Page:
If direct mail is a science like biology, then acquisition package testing might be a more specific discipline like microbiology. No matter how you classify acquisition package testing, it is a science.
“The goal is to acquire new donors, but donors who will stay with you and upgrade, at the lowest investment,” said Lisa Maska, a partner at Lautman Maska Neill and Company in Washington, D.C.
Specifically, you’re trying to: increase response rate and average gift; lower the package cost and the cost to acquire a donor; and, sometimes to open up new markets.
Maska, along with Jennifer Venderveld, vice president of marketing at the Marine Corps Heritage Foundation (MCHF), and Betsy Wason, vice president of development at the Physicians Committee for Responsible Medicine (PCRM), led attendees of the Direct Marketing Association Nonprofit Federation 2014 New York Nonprofit Conference through the ins and outs of acquisition package testing.
Good acquisition letters share the following characteristics, said Maska:
- A strong case for support;
- A solution to a problem;
- How your organization is uniquely able to provide a solution;
- Establishment of credibility;
- Emotional storytelling, and;
- Able to show donors how they can make an impact.
“Ask, ask, ask,” said Maska. “Be a little repetitive. Donors don’t necessarily read a letter straight through. They may skim it.”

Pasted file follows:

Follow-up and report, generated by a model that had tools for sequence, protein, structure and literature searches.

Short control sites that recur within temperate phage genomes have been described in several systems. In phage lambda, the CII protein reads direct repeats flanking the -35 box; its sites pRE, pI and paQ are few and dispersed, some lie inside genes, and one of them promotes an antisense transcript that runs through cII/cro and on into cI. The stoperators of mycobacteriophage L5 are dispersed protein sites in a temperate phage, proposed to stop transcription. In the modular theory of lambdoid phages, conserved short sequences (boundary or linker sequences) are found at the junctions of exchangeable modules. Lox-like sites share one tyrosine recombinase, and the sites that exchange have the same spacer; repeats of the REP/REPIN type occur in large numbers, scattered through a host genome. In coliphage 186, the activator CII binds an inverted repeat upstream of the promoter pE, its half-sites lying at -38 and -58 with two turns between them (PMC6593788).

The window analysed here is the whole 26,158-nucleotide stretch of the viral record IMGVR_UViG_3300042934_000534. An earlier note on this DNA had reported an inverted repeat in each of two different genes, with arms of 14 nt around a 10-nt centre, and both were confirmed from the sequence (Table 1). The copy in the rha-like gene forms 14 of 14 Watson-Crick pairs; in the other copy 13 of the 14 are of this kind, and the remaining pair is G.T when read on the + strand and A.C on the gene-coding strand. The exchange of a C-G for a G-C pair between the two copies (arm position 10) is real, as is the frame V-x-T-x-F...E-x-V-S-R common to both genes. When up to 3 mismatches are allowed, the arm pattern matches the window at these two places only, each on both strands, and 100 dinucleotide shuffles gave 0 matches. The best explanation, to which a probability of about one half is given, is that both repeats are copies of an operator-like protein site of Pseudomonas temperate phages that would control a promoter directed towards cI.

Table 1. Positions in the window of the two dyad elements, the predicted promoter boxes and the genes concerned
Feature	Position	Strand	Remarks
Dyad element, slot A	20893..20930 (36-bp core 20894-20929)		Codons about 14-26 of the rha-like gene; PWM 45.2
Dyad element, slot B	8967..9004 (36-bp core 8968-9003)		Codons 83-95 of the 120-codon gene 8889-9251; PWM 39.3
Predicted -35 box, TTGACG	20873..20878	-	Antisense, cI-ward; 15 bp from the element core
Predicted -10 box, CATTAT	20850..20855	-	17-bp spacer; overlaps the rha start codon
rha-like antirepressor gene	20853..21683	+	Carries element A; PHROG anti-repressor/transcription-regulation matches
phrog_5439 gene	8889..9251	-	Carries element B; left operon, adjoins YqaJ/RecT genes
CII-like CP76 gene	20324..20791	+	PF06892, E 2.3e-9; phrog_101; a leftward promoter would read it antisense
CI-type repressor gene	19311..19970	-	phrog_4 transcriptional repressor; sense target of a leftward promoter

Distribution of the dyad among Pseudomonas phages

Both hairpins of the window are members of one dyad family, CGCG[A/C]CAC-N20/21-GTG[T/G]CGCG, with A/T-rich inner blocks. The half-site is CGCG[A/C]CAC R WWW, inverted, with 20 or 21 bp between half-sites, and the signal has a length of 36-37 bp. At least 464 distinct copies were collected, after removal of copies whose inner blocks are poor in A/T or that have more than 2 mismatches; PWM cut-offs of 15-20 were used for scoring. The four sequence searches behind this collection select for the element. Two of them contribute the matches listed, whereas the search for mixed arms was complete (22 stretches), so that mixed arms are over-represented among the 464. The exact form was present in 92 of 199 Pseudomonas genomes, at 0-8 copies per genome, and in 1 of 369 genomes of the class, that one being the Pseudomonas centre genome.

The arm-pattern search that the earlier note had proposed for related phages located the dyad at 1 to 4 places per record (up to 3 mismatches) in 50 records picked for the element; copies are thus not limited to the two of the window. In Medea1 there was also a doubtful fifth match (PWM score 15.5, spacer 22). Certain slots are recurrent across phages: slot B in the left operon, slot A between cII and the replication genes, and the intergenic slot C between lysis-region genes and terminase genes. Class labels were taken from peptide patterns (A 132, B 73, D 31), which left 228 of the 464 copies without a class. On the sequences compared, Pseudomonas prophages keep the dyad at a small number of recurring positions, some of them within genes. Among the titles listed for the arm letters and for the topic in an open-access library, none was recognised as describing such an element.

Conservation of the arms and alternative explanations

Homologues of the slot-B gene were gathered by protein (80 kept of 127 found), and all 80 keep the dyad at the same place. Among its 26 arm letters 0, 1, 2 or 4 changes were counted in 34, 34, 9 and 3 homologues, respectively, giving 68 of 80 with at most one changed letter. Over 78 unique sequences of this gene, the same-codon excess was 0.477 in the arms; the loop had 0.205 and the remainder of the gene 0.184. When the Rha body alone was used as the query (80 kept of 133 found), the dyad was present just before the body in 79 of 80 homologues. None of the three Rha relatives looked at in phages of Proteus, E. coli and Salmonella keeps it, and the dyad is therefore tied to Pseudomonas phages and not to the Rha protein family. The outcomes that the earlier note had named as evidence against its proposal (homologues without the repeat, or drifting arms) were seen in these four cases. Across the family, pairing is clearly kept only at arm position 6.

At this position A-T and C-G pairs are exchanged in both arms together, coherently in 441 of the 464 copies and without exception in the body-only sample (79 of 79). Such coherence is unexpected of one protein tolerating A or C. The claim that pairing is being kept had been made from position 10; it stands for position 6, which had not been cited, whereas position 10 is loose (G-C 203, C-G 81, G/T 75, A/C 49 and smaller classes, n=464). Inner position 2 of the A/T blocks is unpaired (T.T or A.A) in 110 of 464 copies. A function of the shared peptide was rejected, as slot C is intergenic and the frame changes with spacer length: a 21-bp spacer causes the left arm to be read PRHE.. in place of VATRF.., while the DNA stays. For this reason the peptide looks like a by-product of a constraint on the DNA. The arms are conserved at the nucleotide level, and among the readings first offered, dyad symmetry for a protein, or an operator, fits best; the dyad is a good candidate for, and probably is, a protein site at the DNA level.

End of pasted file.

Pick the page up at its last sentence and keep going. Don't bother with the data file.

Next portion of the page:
Tips for other elements include:
1. The reply form: Set the initial ask at the right amount, and don’t forget that a donor might put the form aside and make a gift later or on another channel.
2. The carrier envelope: Use a teaser if you need it, said Maska.
3. Reply Envelope: Test everything, like making it a BRE or prepaying postage
4. Additional inserts and premiums: Approach these with caution, and only include them if previous tests have indicated they’ve done very well.
If your organization has a number of purviews or issue areas, test the messaging focus to see on which your donors are coming in. “What works best for us is acquiring donors on an animal research message,” Wason said. PCRM, based in Washington, D.C., has about 125,000 active donors and a revenue budget of $10 million.
Wason said PCRM’s “Rodney” package, about a dog used in medical testing, is the organization’s hard-to-beat control. It has a four-page letter with a petition and an outer envelope with a teaser. “We find our donors are interested in advocacy, so (the teaser about) signing the petition lets them know about an immediate action they can take,” said Wason.
When testing a new acquisition package recently, Wason first looked at competitors’ packages. Some had nickels attached to the envelope as an incentive. “As a way to set ours apart, we took the nickel idea and flipped it around,” she said. “Our current donors are against receiving premiums, so we used that mindset for our No Nickel Package.”
The new acquisition letter called attention to the competitors’ practice, with the line, “At PCRM, we’d rather use that nickel to save a dog…” The new package had a 1.64 percent response rate, which was 60 percent higher than the control, and a 73 percent increase in revenue. However, the package’s efficacy didn’t last long. Wason said that packages generally tend to last between 18 and 24 months, but “after 12 months we started to see package fatigue already.” The lesson here: keep testing.
The biggest takeaway, said Wason, was checking out the competition. Start with the list you’re using and see what others are mailing to that same list. “They’re what people you want to respond are responding to,” added Maska. Gather some competitors’ control packages, spread them out on a table and look for common elements. Once you see what they have in common, you can figure out how to make your package stand out.